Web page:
Spring is for… Music Conferences!

In our neck of the woods (Allegheny County in Western PA), we are thawing out from what was a pretty mild winter, and welcome the sounds of birds chirping and sights of flowers blooming and grass turning green! Spring is the time for re-birth and growth… including professional development of all kinds for music educators – everyone from pre-service (future music educators) to in-service teachers and even retirees!

Let’s get recharged, re-energized, and re-inspired! Sign-up for one or more of these conferences.

COVID-19 has placed restrictions on all of our PMEA and NAfME venues, and so far, 2021 conferences will be held in a “virtual” platform. This is both good and bad news. The disadvantage remains that we cannot “get close and personal,” shake hands, network, collaborate, and “catch-up” with our friends and colleagues, meet new people, and sight-see places like the Poconos, Erie, Reading, or Pittsburgh! However, the advantage of these online events is that all sessions are being offered “on-demand” for at least several months after each closing event. In the virtual setting, you can take the time and view every workshop at your leisure!

If you have never attended a music education conference, take a moment and review one of these articles:

Yours truly is privileged to present several sessions on some of his “favorite topics” previously posted on this site:

  • Self-Care Cookbook – Reflections, Recipes, and Resources for Teachers (PMEA ANNUAL CONFERENCE)
  • Countdown to Retirement – Preparations for “Living-the-Dream” (PMEA ANNUAL CONFERENCE)
  • Hands-On Conducting (PMEA CRESCENDO FOR STUDENTS)
  • Hop on the E-Train – Essential Ethics for the new Educator (NAfME EASTERN DIVISION)

Update on 5/27/21:

PMEA Summer Conference 2021 – Rejuvenate!

The 2021 PMEA Summer Conference will be held virtually beginning Wednesday, July 21 and concluding on Friday, July 23. Most sessions will be presented live and will be recorded for attendees to access at a later time. 

For more information, go to https://www.pmea.net/pmea-summer-conference/.

PMEA Annual Conference 2021 – Renew!

The PMEA Annual Conference kicks-off on April 14, 2021 for three days and four nights of professional development activities.

PMEA will utilize the same online platform for this event as it did for its 2020 Summer Conference. The virtual annual conference will also include a virtual exhibit hall. With the theme of Renew, the 2021 Conference invites music educators to use this time together to Renew the way you think about music education, to Renew plans for the 2021-22 school year, to Renew connections with fellow music educators, to Renew our hope for a return to making music together, and to Renew our collective passion for the power of music education. All registrants will have access to the majority of the conference content for 90 days. Online registration is available.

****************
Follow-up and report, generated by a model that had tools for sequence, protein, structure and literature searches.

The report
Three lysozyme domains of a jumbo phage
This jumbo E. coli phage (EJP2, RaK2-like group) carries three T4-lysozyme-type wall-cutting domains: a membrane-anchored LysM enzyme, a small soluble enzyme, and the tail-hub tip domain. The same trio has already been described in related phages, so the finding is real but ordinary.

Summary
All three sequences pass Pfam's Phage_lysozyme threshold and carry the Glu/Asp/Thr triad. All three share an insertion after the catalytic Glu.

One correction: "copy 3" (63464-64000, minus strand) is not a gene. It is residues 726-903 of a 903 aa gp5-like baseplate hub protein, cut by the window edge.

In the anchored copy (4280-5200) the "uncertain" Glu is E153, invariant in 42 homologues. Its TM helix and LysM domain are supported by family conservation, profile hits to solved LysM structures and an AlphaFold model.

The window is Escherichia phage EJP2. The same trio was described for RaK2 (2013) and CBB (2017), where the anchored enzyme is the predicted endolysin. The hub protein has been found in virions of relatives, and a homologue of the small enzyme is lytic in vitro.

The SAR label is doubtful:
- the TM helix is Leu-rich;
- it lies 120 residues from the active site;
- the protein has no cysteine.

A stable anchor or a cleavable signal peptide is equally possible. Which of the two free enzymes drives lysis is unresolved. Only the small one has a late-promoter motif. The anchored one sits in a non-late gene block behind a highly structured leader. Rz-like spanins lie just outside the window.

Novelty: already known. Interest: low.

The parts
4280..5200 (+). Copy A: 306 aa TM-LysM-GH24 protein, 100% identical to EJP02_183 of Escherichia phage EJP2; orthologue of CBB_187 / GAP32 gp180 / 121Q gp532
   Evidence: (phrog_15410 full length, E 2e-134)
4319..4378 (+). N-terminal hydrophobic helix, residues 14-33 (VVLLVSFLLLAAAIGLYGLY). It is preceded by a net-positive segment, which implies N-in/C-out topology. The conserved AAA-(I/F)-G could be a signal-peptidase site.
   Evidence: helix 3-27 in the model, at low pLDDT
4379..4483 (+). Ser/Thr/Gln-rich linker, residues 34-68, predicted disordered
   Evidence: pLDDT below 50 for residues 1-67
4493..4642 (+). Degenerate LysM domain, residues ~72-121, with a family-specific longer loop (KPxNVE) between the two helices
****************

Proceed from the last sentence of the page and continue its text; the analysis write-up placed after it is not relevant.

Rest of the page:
Thursday evening will feature synchronous open forum discussions and an Invited Researcher session with Elizabeth Parker, Temple University, as well as a keynote presentation by Byron Stripling, Principal Pops Conductor, Pittsburgh Symphony Orchestra. The evening will end with college/university receptions, held in the virtual space this year.

Synchronous research sessions will also be available on Friday in the late afternoon/early evening. The Saturday schedule includes a performance by the woodwind quintet WindSync and a presentation by Julie Duty, Founder & Executive Director of United Sound, an organization which offers the solution for music educators who desire to include students with disabilities in their music programs but struggle with the “how” and the “when.”

This year’s event will also include opportunities to network with fellow attendees, as well as an online Music Education Marketplace (exhibit hall) – allowing participants to connect directly with exhibitors within the platform. While the exhibit hall will be “open” the duration of the event, there will be specific hours, beginning Wednesday evening and concluding Saturday afternoon, when the exhibitors will be available for live interaction.

CRESCENDO Virtual Conference for Students